That being said, I have experienced the joy of a tube amp at its sweet spot. And sometimes, those sweet spots are unavoidably loud. I fondly remember a day in Sydney when I heard an authentic early-era Marshall (with the block logo!) with KT-66 tubes in it. The shop owner grinned at me when I enquired about it and said, "Get ready to hear how heaven sounds like!" It was non-master volume, and when he strummed that E major chord, I almost nearly thought I saw a reinactment of the famous guitar-amp-sends-Michael-Fox-flying scene. Except there was no broken glass. Or people flying.

Amps are made to be loud. The one aspect of playing through an amplifier that digital modeling cannot capture is the feel of the amp, when the speaker and cabinet vibrate, transferring that mechanical energy to the surroundings.

I can think of three contributory factors to the feel of an amp:

1. Cabinet size. Closed-back, open-back, speaker configuration of 1, 2 or 4, cabinet material, whether the cabinet is enclosed with the electronics (like a combo), or separate, height and angle of elevation--these things affect how the cabinet vibrates. In my opinion, amp stands are less helpful than they appear to be. Although they help to point an amp to the guitarist, you will lose a lot of low end because the amp is no longer in contact with the ground. 

2. Power. Many of today's amps are headed towards the micro-amp head design, with smaller wattage ranges from 5W all the way down to 1/4W. Having watched these adverts, I think while the amp makers mean well and present a simple amp design, they over-simplify the role of power in an amp. A small tube amp with a small wattage will never sound big--the speakers aren't being driven hard enough (and probably not big enough either). In my experience, a guitar amp starts to truly sing when the power section runs at 30W. Remember, a tube amp running at 30W is a lot louder than a solid state amp running at 30W.

3. Speaker size. Again, as a result of the micro-amp design, the market is seeing a rise in popularity of 10" and 8" speaker cabs. Now, this is not to say that amps in small speakers are inferior, they're just different--anyone who's played a Supro amp or a Fender Champ will tell you that despite its tiny size, the amp can serve up an incendiary tone. The general rule of thumb is that the smaller the amp and the speakers, the faster the amp breaks up when the volume is turned up. And because the speakers are small, the breakup sounds different to a larger cab being driven hard. Both kinds of tones are palatable and definitely usable; it's just a matter of taste.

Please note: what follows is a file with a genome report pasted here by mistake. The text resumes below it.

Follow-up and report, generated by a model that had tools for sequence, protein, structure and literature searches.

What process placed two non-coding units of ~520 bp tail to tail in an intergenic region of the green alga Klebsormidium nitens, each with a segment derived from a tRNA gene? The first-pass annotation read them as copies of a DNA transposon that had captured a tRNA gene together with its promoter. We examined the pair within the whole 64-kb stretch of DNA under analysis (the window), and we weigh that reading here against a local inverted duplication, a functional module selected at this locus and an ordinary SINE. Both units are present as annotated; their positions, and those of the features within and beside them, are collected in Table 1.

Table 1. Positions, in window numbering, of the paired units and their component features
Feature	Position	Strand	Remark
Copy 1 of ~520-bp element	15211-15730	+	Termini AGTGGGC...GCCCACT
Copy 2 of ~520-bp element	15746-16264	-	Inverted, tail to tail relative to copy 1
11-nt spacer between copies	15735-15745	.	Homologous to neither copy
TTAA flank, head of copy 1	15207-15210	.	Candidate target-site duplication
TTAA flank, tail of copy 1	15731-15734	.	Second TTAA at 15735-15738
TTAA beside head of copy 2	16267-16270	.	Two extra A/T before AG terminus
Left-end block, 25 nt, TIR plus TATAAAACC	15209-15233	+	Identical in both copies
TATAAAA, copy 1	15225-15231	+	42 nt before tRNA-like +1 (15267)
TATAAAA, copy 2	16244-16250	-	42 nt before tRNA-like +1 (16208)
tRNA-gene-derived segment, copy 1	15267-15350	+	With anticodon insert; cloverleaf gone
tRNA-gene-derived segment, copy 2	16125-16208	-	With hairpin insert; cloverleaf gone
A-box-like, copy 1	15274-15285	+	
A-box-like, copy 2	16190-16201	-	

For further reading:

Wednesday, December 4, 2013

CMAT Mods Buffer Test

I just got a hold of a CMAT Mods Buffer, a tiny little green pedal that I've mounted to the underside of my pedalboard using velcro (it seems to hold well with the patch cable tension).

I conducted a test to check the effect of a buffer. I only changed the placement of the buffer, and the test was as follows:
  1. The pedalboard without the buffer
  2. The buffer placed at the front of the pedalboard
  3. The buffer placed at the end of the pedalboard

I couldn't tell that there was as significant improvement with my tone, possibly because I have Visual Sound and Boss pedals on my board. These pedals are buffered-bypass, which means that when the pedal is disengaged, there is a buffer that will be engaged to lower the impedance of the guitar signal. That being said, there is a difference in tone:

  1. Without the buffer, my tone seems darker and warmer--certainly the kind of tone I'm very used to.
  2. With the buffer in front, my clean tone has a brighter sparkle to it. The overdriven tones have a tad more brightness to it, which is usable.
  3. With the buffer at the back, the clean tone is slightly more bright, but still has some measure of warmth. The overdriven tones also have a bit more sustain (something which the previous owner told me would happen if I placed the buffer at the end of the chain).
So, with the three possible configurations, I decided on putting the buffer at the back. I like warm, clean tones that aren't too overly bright, and I like the effect of the buffer increasing the sustain of the overdriven tones.

For further reading:
CMAT Mods Buffer Product Page
Boss article on buffered-bypass